Marking Scheme:

     a) Final exam (3 hrs) - 40%
     b) Two Test (50 min) - 20% (10% each)
     c) Four best homework assignments - 40% (10% each)

Relief for Missed Work:

In the event of an absence for medical or other reasons, students should review and follow the Academic Regulation in the Undergraduate Calendar Requests for Relief for Missed Academic Term Work. Please note these regulations have changed beginning Fall 2015.

Academic Integrity:

You are expected to exhibit honesty and use ethical behaviour in all aspects of the learning process. Academic credentials you earn are rooted in principles of honesty and academic integrity.

Academic dishonesty is to knowingly act or fail to act in a way that results or could result in unearned academic credit or advantage. This behaviour can result in serious consequences, e.g., the grade of zero on an assignment, loss of credit with a notation on the transcript (notation reads: "Grade of F assigned for academic dishonesty"), and/or suspension or expulsion from the university.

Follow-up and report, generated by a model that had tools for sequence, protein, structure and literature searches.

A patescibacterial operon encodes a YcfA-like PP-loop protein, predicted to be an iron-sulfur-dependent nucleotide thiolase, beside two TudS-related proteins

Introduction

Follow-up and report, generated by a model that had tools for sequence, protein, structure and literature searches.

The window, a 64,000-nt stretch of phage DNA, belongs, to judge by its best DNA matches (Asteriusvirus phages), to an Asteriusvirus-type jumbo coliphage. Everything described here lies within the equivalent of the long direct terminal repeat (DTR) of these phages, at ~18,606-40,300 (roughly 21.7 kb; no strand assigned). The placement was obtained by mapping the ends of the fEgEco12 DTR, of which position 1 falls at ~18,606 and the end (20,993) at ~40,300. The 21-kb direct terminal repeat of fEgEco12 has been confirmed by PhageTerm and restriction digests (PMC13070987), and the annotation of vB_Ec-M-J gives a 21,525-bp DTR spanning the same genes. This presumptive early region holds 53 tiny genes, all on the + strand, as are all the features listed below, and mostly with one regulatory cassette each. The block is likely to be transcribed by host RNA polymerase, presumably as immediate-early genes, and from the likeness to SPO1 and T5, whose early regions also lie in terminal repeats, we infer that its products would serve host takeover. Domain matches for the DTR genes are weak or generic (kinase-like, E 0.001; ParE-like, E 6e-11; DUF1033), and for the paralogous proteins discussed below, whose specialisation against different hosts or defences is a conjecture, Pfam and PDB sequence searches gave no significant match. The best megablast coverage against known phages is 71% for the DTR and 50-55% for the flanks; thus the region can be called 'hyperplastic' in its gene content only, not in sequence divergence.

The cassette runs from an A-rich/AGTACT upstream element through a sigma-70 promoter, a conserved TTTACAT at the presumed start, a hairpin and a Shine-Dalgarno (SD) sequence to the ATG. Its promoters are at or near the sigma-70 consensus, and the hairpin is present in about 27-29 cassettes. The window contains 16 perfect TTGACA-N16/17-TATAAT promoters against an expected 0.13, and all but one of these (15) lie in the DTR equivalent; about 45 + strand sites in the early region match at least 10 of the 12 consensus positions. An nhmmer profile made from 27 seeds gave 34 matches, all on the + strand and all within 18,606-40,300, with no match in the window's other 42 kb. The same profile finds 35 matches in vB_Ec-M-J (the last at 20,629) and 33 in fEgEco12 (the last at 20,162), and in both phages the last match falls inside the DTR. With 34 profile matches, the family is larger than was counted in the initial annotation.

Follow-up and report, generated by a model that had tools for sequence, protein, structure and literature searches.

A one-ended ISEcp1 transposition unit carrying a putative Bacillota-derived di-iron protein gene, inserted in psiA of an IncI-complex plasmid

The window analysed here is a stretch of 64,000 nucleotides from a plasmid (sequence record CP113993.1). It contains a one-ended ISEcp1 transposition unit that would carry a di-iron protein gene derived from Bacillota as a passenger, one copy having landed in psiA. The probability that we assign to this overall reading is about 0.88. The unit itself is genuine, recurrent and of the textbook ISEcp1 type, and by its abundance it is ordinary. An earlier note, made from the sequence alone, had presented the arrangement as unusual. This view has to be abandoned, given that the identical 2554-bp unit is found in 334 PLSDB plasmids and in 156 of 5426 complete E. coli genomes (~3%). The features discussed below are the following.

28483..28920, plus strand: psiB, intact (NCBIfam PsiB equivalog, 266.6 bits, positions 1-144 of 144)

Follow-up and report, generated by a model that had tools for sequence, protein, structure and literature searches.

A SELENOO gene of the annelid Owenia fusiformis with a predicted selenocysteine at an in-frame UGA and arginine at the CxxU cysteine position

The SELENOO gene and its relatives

It is your responsibility to understand what constitutes academic dishonesty. For information on the various types of academic dishonesty please refer to the Academic Integrity Policy,. The following illustrates only three forms of academic dishonesty:
     1) Plagiarism, e.g., the submission of work that is not one's own or for which other credit has been obtained.
     2) Improper collaboration in group work.
     3) Copying or using unauthorized aids in tests and examinations.

Important Notice:

The instructor and university reserve the right to modify elements of the course during the term. The university may change the dates and deadlines for any or all courses in extreme circumstances. If either type of modification becomes necessary, reasonable notice and communication with the students will be given with explanation and the opportunity to comment on changes. It is the responsibility of the student to check their McMaster email and course websites weekly during the term and to note any changes.